And I think we need to establish what the Christian gospel is, so that if we’re poking holes, we’re poking holes at the same thing. (For five minutes or so, I shared the Gospel – a good God, a good creation, sin, the depravity of all men, the impossibility of reaching God through effort or “good deeds”, the need for a God-man to be Savior, Jesus alone being the only subsitute for sin and the only way to God.)
Jenny: When you say it like that, it makes sense.
George: You talk about Jesus and all that, but you’re leaving out one part. And that is that God has already chosen who gets to come to him and who doesn’t. You haven’t talked about predestination. How is that fair?
Ajay: (Deep breath….oh boy! I talked about how this is not an easy idea, and that there is some mystery to it, etc) Here’s one shot at it. Say you three, George, Jenny, and Sarah – say you are horrific murderers who have committed terrible crimes and are justly going to receive the death sentence. And say, I say to Sarah – I’m going to take your place. That’s grace. And you two, George and Jenny – you can’t say that you’re getting something unfair – you’re getting what you deserve. But I am choosing to show grace to Sarah.
George: That is unfair. Especially when you have the power to pardon all three!
Jenny: Yeah. I get that you deserve death – but choosing one and not the others is unfair.
George: See, you don’t have an answer. It’s a contradiction. How can hell be the most horrible thing in the world – like it would be better to not be born than go to hell – then why would God create people who he knows are going to hell? There is no answer. You don’t have an answer and I don’t have answer. We’re both right.
Ajay: (Hopefully you see that these conversations have been good and intense and dizzing) I think there is an answer, but you just won’t like it.
George: There is no answer. It’s a contradiction.
Ajay: I think there is an answer, but you won’t like it. Romans 9 tells us that God is going to be glorified in both the wrath shown to some and the mercy shown to others. In both, God will be glorified.
Sarah: (Troubled) Wait a minute. Are you saying that everything is about God’s glory?
Ajay: (Wow. Pause.) Yeah. That’s what I’m saying. It’s all about God’s glory.
Jenny: That sounds so bad – like how can God be like that?
Ajay: I can imagine how unsettling that sounds. And we won’t be able to say everything tonight. But just one thought. Since you were little, you were taught that the highest pursuit of your life was to glorify God. (Everyone in the conversation comes from a Christian background) If you assume that’s true, that the chief end of man is to glorify God – why would it be something else for God? (sounding very Piperesque) If God is the most glorious being, and it is right for us to glorify Him – why would He in turn have his chief end in glorifying us and not Himself?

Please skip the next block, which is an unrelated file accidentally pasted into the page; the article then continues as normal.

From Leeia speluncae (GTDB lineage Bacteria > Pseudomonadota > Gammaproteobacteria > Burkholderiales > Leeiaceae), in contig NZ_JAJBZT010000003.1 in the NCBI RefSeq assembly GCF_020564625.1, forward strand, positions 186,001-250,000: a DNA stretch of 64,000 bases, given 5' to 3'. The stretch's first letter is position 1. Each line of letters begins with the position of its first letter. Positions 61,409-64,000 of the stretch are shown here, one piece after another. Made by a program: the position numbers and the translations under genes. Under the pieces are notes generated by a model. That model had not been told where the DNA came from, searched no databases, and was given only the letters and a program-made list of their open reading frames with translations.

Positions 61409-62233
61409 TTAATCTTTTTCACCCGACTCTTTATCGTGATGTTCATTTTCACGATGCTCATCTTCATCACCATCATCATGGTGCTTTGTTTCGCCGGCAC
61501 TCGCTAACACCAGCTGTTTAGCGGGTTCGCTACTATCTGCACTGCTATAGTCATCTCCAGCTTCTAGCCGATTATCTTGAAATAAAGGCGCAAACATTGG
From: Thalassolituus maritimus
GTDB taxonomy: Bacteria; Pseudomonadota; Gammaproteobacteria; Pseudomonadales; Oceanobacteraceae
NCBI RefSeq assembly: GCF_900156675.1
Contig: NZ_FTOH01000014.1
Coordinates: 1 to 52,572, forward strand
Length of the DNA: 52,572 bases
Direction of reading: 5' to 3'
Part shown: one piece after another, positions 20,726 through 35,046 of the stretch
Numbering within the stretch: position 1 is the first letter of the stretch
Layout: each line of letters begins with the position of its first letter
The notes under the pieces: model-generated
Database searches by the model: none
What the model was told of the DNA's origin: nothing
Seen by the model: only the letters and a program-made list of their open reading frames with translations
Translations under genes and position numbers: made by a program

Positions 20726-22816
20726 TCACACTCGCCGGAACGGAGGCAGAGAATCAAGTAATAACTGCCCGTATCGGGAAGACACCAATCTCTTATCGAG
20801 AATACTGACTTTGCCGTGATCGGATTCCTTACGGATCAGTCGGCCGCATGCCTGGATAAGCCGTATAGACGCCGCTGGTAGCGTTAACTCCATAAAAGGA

There was more conversation. We decided we’re going to skip ahead in Keller’s book and go to “How Can a Loving God Send People to Hell?”. After that, we’re going to hit pause on Keller’s book and look at Romans 9 together. In talking about this, a friend told me that Paul puts Romans 9 where he does in the letter on purpose. That jumping into election without first talking about the sin and depravity of man, the glory of God, the impossibility of saving yourself, and the need for Christ is probably not a good idea. Until you see how glorious God is, how sinful you are and worthy of condemnation, and how much you need Jesus (Romans 1-8) election will seem like a travesty and not grace. So I’m going to try to see if they would be up for an abbreviated study of Romans, leading to chapter 9.
I drove home dizzy from the night. I love that this conversation is happening at Starbucks. I love that we leave each night and walk to our cars laughing and not in animosity. I am deeply, deeply, deeply humbled. When we started I was so sure that all people needed to come running to faith in Jesus was my clever arguments with the help of Keller’s apologetics. I drove home repenting of my pride and arrogance. Regeneration is a miracle accomplished by God alone. A miracle is what it takes for the Gospel to go from being an offensive stumbling block to good news. Praying for a miracle.